Trigonometry/Circles and Triangles/Brocard's Theorem
Brocard's Theorem is due to French mathematician Henri Brocard (1845 – 1922).
Let ABC be any triangle. Draw three lines:
- AD where D is between B and C, and angle DAB = ω
- BE where E is between A and C, and angle EBC = ω
- CF where F is between A and B, and angle FCA = ω
Then the lines AD, BE, CF are concurrent, meeting at a Brocard point, if and only if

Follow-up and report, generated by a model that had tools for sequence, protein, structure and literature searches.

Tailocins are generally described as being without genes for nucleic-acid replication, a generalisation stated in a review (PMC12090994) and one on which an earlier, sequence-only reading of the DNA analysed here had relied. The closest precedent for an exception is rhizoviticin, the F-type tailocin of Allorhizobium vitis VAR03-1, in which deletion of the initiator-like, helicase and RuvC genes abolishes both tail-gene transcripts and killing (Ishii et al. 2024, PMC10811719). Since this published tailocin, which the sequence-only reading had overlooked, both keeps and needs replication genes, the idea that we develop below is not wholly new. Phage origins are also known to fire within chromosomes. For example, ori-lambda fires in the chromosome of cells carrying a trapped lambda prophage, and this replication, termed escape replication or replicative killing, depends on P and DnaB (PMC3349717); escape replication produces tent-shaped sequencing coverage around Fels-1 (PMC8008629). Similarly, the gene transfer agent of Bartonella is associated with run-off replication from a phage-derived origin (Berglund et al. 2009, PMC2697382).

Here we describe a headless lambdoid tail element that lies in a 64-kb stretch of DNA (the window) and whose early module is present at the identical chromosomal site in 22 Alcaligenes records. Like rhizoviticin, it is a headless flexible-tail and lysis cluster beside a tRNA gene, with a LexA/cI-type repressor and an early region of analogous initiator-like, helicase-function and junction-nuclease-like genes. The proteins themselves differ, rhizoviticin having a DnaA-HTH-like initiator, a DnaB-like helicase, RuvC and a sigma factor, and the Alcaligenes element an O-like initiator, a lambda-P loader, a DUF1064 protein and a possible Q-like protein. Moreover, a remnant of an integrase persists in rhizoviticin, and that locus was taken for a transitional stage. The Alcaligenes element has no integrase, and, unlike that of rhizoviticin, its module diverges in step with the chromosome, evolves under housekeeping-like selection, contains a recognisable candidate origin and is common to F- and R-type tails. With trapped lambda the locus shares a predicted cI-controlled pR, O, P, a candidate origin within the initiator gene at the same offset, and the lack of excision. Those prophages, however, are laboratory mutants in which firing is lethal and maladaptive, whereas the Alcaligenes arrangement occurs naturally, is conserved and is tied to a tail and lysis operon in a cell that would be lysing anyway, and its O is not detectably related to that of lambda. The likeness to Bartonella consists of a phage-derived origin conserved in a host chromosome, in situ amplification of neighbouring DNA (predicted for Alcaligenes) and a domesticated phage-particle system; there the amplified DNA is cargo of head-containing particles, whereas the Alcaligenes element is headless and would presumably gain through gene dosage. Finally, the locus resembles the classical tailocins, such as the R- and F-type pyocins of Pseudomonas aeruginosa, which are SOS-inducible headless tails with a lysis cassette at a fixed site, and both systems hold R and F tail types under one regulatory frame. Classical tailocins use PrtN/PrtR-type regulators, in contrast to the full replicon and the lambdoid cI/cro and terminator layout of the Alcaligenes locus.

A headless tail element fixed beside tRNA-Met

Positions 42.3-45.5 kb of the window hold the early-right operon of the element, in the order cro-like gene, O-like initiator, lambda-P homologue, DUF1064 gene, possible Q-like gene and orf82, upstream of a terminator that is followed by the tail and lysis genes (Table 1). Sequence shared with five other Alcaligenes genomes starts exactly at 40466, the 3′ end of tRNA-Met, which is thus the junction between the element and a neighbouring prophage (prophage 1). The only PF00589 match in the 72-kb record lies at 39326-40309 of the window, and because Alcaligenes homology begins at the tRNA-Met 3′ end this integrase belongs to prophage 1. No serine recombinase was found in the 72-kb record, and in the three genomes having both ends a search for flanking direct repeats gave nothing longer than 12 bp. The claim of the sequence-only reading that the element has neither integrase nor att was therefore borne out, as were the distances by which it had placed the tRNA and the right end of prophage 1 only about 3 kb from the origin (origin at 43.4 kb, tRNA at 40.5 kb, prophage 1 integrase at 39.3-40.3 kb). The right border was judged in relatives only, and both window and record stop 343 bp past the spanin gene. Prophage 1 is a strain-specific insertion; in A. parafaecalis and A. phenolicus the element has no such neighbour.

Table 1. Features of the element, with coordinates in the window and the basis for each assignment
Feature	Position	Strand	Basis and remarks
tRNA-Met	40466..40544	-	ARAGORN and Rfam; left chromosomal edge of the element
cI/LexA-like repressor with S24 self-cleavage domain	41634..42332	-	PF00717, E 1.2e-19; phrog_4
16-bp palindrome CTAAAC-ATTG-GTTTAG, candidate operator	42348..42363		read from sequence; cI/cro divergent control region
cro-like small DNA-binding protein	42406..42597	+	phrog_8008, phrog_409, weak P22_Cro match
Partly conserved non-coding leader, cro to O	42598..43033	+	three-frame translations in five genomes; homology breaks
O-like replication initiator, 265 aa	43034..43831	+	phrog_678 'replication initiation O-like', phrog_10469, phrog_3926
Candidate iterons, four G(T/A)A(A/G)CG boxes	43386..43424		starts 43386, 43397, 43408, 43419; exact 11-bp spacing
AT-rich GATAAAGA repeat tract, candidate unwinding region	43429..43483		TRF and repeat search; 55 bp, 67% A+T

- cot(ω) = cot(A) + cot(B) + cot(C).
From symmetry, there is a second Brocard point, using the same angle ω, at the intersection of the three lines
- AD' where D' is between B and C, and angle D'AC = ω
- BE' where E' is between A and C, and angle E'BA = ω
- CF' where F' is between A and B, and angle F'CB = ω